And this is not an argument for "greeters" in the WalMart sense, where a smiling face and an outstretched hand attempt to generate a "good mood" for more purchasing in the customer. Nor is it an argument for a two-by-two home visit to "get to know" the newcomers, for the purpose of soliciting additional cash. Nor is it an argument for more pot-luck suppers to demonstrate that the church leadership is actively promoting "the social side" of church membership. Nor is it an argument for a contract between the parish and a professional photographer to come into the parish hall and take photos of all members and adherents, in order to publish a "book of snapshots" in order to introduce the rest of the community to its members, especially the newcomers.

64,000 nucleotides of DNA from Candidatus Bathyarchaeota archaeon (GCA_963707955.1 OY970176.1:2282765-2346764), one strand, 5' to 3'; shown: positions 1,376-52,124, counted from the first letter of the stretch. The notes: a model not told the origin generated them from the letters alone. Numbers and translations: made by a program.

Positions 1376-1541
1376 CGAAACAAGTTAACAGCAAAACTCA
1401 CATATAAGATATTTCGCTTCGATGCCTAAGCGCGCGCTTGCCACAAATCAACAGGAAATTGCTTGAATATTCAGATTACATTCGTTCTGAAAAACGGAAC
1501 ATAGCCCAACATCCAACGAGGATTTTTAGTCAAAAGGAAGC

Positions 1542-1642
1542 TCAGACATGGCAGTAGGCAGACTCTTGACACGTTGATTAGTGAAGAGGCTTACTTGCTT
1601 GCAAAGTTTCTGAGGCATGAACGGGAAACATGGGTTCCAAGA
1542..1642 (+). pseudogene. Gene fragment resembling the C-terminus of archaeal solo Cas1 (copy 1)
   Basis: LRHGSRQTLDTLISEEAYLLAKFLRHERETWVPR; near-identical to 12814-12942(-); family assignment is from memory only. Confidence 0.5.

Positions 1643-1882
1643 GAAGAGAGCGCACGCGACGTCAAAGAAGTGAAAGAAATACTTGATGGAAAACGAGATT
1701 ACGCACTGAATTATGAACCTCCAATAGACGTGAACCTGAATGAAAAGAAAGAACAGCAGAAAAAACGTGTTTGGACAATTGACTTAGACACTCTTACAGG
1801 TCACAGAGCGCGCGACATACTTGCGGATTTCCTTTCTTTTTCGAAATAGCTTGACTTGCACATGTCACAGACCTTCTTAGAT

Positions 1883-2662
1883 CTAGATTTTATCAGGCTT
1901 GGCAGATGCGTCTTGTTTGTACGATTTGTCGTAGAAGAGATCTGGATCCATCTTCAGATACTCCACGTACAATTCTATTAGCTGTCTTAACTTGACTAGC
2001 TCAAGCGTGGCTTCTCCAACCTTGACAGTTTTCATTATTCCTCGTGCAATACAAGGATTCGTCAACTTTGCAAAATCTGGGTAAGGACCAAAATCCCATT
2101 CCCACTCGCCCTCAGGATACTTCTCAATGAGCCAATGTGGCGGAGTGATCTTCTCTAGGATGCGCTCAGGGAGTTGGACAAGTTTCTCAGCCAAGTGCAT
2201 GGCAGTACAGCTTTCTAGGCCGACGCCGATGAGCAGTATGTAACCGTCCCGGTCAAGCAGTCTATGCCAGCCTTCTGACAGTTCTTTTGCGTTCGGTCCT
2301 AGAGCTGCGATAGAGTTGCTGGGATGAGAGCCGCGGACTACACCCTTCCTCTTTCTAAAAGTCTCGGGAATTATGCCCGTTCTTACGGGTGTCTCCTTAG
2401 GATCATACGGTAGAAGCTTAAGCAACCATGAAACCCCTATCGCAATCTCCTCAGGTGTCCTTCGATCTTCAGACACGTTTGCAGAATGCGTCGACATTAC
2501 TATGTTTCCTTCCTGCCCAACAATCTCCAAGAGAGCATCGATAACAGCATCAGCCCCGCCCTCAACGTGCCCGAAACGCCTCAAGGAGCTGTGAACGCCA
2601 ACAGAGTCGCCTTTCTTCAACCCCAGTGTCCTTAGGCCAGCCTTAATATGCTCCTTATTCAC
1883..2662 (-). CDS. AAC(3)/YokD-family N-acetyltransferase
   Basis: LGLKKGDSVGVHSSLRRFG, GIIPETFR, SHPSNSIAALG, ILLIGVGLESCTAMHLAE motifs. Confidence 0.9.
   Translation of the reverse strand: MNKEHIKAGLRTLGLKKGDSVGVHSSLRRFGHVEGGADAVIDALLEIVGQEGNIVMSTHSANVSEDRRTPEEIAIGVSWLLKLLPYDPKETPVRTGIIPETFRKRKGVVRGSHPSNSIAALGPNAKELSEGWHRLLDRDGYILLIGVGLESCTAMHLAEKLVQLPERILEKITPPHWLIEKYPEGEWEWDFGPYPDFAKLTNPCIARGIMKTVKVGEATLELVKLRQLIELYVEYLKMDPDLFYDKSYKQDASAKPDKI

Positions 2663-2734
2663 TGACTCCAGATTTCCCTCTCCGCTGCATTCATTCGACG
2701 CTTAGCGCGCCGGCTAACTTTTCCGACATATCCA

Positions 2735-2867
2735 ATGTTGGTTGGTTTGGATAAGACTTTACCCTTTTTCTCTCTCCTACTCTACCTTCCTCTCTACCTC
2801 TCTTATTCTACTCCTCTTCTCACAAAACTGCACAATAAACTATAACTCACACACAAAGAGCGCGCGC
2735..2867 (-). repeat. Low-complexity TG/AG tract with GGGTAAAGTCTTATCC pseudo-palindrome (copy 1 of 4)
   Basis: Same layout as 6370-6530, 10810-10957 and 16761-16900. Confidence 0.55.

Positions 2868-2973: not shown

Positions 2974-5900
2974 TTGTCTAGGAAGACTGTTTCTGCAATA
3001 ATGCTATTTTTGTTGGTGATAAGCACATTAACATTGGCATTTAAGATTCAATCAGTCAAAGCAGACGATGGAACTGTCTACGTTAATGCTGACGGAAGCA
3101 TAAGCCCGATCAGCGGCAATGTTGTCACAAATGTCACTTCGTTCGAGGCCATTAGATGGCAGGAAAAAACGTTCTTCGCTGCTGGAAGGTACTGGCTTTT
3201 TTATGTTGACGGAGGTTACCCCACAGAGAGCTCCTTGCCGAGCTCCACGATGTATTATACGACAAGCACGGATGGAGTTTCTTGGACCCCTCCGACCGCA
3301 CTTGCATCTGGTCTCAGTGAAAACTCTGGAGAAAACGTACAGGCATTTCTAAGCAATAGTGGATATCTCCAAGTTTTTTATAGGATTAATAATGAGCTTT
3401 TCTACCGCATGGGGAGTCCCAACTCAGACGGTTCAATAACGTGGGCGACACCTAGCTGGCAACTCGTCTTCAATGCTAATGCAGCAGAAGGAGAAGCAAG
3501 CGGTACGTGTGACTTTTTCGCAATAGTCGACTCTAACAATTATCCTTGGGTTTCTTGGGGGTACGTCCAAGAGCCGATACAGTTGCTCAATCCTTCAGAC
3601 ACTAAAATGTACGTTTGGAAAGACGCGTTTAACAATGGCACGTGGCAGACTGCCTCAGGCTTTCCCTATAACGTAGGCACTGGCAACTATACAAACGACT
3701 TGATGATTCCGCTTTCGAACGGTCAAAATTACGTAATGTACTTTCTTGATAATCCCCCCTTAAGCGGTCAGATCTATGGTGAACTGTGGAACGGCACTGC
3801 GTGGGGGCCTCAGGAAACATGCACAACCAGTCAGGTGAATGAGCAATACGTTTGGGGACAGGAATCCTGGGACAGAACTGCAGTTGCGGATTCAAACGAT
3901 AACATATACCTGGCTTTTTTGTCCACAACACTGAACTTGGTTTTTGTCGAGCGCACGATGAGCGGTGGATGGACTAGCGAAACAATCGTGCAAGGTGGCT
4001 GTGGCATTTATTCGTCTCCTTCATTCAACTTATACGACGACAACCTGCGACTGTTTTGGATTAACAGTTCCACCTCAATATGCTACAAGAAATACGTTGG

There is nothing inherently wrong with any of these approaches, ethically or culturally, except, for the purposes of this argument, they all suffer from a kind of superficiality, a glibness, and a politeness that keeps the institution at bay, avoiding the charge that the expectations are much too high for my taste to even consider entering, let along joining such a parish.
Getting to know another, in real terms, is something that most christian churches fail to accomplish, and even fail to set as a legitimate and sustainable goal, given the contingency of the spiritual life of each person on such a "being known" fully, and appreciated fully.
And, frankly, the superficiality, glibness and politeness of too many church affiliations renders the spiritual development of each individual crippled by the coldness. Anglicans, especially, suffer from what is known as an identity as "God's chosen frozen" (people) but the disease is clearly not exclusive to Anglicans/Episcopalians.